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Music Review: Fluwid – From Surface to Suffocation

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There’s nothing I can point to that makes Fluwid stand out above other metal bands. They are not the ultimate warriors of the gods of metal. However, something about them is intriguing. I’ve kept them on my mp3 player for a while now, listening to them even when I wasn’t consciously thinking about this review.  Something held me back from deleting it.

Fluwid is a metal band from Dayton, Ohio and I like the name and their font.  The name is easy to recall, it rolls off the tongue and is curiously misspelled. After searching for a clandestine meaning behind the spelling, all I could come up with was an acronym for wid – “when I drink.” Is that what they intended? I don’t know, but it fits well with the word fluid.  The artwork for just the band’s name is pretty cool, too, a kind of chaotic calligraphy.

That’s the rhythm they seek on their new CD, From Surface to Suffocation, the rhythm, the tension, between chaos and order.  So here’s a few thoughts on the band and the CD.

The best song is “My Only Regret.”  It sounds like a raw, young riff straight off Kill ‘Em All.   This song has the energy and rhythm that the whole CD needs.  It contains beautiful head banging riffs overlaid with a squealing lead.  That’s the soul of metal there, they need to tap into it more often.  The leads in many of the songs were very salient, reminding me of old Dokken and the like.  “Rose Red Lie” also features some cool guitar work; good melodic power, excellent prolonged metal crunch, like a jackhammer sometimes.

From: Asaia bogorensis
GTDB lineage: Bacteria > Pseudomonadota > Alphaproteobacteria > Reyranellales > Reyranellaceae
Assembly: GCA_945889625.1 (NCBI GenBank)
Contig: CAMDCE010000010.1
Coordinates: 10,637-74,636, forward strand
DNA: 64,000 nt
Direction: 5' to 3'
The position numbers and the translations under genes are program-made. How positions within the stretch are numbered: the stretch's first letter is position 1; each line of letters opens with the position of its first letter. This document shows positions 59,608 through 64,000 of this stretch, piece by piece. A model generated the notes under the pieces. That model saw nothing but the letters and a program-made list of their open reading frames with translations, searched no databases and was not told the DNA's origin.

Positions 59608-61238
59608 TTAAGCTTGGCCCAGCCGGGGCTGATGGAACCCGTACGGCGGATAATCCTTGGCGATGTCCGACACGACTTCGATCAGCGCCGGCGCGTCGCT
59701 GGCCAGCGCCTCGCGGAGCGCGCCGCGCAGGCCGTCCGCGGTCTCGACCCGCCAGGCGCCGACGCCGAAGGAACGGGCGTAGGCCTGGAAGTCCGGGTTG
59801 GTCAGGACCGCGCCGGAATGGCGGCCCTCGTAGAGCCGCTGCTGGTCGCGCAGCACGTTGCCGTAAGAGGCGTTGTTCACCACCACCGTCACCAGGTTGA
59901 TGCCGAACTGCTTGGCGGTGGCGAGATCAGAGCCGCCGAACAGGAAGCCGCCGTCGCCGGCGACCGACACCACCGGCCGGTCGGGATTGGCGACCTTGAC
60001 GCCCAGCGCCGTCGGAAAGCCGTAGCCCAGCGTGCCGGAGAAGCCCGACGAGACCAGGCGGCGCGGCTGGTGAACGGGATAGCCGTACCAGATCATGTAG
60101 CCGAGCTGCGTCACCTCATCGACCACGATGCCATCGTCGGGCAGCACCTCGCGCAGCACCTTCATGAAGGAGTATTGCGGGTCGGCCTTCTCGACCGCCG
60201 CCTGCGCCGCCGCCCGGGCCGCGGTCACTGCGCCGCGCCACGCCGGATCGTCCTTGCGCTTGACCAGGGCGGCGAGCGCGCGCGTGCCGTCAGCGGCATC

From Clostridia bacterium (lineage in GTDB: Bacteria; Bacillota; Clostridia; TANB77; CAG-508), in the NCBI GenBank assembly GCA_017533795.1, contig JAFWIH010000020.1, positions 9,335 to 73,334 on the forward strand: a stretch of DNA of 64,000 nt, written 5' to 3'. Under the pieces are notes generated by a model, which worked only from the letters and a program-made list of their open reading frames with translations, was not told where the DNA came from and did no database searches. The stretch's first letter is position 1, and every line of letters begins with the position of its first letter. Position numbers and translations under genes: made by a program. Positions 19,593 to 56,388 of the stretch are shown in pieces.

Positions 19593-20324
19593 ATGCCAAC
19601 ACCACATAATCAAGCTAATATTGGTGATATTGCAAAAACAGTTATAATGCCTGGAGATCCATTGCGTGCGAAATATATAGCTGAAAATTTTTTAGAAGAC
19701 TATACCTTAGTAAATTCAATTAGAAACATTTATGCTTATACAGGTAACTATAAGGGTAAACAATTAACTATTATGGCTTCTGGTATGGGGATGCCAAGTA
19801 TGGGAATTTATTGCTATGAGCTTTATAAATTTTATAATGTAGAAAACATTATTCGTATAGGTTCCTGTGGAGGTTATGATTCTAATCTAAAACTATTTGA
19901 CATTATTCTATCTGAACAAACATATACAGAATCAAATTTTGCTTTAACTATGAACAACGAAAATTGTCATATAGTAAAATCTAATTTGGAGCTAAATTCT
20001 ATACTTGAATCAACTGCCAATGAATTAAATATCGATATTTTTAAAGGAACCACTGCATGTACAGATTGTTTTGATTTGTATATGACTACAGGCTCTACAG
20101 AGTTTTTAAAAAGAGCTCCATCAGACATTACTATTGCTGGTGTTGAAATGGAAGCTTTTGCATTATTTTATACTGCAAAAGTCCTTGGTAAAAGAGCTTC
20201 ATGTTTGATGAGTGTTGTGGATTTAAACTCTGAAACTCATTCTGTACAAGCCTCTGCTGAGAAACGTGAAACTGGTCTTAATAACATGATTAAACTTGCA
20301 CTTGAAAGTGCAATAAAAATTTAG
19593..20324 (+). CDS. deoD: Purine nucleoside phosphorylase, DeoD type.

Then there’s “Six Demon Bag.”  It’s either a reference to World of Warcraft or an experimental rock band called Man Man or Big Trouble in Little China, an odd movie from the 80s, none of which I know jack about.  The song, though, has some tight timing, good structure and this is the song that has some Amon Amarth-like vocals at times.  On most of the songs the Fluwid vocalist displays a good growl, fitting for modern metal.  The non-growl portion is a little tepid – kind of nasal, whiny, and mopey.  Every once in a while there were strains of Staind or Seether and at other points their vocal attack reminded me a little of Five Finger Death Punch, though Fluwid is nowhere near the level of aggression that Death Punch deals out.

The production value of this record is a drawback for me.  It was all very flat, two-dimensional, like a boot-leg copy of a movie made on a hand held camera in the theater.  Maybe that’s because I downloaded the music and it was not a good compressed version.  If the hard copy CD has a fuller sound this will be a better experience.  It hurt the drums.  There was no chest cavity resonating thump out of the kick or the toms, no crack from the snare, just an automated clack.  Once you get acclimated to the sound it doesn’t stand out, but if you pause and go back, it’s hard to get back into the song without obsessing over the flatness of the drums.  On all the tracks the drums were pretty straightforward, no intricate rolls or accents or anything.

But overall it’s a good showing.  The band’s MySpace page has samples from two other CDs and there’s some good music there.  It’s worth listening to.

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